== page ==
Uzbek asylum seekers in Kyrgyzstan 'disappear': HRW

[JURIST] Law enforcement agencies in Kyrgyzstan have been detaining asylum seekers from neighboring Uzbekistan [JURIST news archive] in recent weeks as part of Kyrgyz counterterrorism sweeps, and several asylum seekers have disappeared and have possibly been forcibly returned to Uzbekistan, Human Rights Watch [advocacy website] said Friday. HRW expressed concern [press release] that four disappeared Uzbek asylum seekers are in danger and urged the "United Nations, the European Union and Washington [to] call upon the Kyrgyz government to protect refugees and asylum seekers." If the four men have been transported back to Uzbekistan, HRW said they could be forced to publicly incriminate themselves and others as part of the Uzbek government's campaign to shift blame away from government troops for the deaths of hundreds of people in the Andijan massacre and whitewash the government's appalling human rights record." Kyrgyz officials have denied any involvement in the disappearances.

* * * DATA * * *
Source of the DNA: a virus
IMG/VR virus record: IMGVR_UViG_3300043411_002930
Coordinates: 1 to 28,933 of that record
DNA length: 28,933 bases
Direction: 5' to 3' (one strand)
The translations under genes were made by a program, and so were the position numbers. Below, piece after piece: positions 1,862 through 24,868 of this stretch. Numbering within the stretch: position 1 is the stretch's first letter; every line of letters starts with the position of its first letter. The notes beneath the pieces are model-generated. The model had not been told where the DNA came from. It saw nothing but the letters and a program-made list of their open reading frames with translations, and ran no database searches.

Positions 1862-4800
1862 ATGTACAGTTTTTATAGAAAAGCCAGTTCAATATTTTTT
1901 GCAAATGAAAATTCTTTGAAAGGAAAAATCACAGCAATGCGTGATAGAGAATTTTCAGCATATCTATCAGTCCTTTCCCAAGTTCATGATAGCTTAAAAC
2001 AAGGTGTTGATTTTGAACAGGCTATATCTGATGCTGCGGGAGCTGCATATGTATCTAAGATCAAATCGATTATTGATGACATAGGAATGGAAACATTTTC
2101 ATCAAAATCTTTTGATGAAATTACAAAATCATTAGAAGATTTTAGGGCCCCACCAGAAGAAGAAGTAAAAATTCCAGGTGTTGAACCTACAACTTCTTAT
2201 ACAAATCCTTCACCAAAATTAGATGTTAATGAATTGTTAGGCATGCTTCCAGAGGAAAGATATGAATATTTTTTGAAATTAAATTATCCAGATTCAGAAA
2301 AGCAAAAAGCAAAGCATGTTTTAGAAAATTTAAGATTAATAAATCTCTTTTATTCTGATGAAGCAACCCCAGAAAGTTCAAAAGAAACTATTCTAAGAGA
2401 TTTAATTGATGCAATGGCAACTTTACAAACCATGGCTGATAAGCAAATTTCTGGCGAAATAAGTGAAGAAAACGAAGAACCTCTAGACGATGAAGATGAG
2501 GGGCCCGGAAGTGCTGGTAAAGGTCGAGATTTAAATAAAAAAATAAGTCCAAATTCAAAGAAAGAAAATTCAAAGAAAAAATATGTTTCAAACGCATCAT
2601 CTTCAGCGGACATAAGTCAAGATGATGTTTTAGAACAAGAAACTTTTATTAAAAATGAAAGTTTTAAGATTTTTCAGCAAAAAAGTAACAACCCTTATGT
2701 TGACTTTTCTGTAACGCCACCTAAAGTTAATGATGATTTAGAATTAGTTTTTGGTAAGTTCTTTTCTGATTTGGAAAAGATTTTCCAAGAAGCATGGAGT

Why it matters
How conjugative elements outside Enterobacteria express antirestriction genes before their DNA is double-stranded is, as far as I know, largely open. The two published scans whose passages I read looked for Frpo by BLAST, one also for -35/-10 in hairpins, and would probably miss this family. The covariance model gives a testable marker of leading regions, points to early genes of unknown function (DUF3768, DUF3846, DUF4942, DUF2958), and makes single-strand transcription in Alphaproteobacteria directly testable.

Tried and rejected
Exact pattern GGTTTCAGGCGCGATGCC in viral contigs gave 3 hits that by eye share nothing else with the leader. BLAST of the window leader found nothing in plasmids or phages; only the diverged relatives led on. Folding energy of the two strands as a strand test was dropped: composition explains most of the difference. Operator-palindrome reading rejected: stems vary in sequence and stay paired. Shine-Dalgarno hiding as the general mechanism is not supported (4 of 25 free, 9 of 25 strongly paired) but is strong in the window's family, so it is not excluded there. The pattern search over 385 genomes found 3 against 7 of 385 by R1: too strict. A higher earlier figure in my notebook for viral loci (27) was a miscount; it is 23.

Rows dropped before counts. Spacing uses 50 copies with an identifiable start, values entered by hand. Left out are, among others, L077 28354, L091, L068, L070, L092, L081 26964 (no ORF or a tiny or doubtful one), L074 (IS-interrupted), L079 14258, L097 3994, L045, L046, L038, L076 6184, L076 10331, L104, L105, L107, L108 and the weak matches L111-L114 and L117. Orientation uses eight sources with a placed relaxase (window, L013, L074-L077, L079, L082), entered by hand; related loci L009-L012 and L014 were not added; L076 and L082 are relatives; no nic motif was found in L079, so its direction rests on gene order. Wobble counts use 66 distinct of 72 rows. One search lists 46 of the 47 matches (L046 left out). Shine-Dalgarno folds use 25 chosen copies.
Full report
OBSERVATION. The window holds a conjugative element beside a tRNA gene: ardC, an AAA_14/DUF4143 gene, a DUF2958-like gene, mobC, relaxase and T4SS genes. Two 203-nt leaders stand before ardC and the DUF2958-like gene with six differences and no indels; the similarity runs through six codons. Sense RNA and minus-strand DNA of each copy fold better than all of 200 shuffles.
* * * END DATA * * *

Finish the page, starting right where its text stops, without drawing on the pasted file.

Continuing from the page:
Earlier this month, Kyrgyz officials authorized the extradition of a group of refugees and asylum seekers back to Uzbekistan, prompting condemnation [JURIST report] from UN High Commissioner for Human Rights Louise Arbour and UN High Commissioner for Refugees Antonio Guterres. Dozens of Uzbeks sought refuge in Kyrgyzstan after last year's unrest in Andijan [BBC backgrounder; JURIST news archive]. In May 2005, thousands of demonstrators protesting the trial of 23 businessmen on religious extremism charges stormed a prison [JURIST report], allowing about 2,000 inmates including the businessmen to escape. In response, the government troops killed as many as 500 demonstrators [JURIST report]. Reuters has more.

 

About Paper Chase

Paper Chase is JURIST's real-time legal news service, powered by a team of 30 law student reporters and editors led by law professor Bernard Hibbitts at the University of Pittsburgh School of Law. As an educational service, Paper Chase is dedicated to presenting important legal news and materials rapidly, objectively and intelligibly in an accessible format.

© Copyright JURIST Legal News and Research Services, Inc., 2013.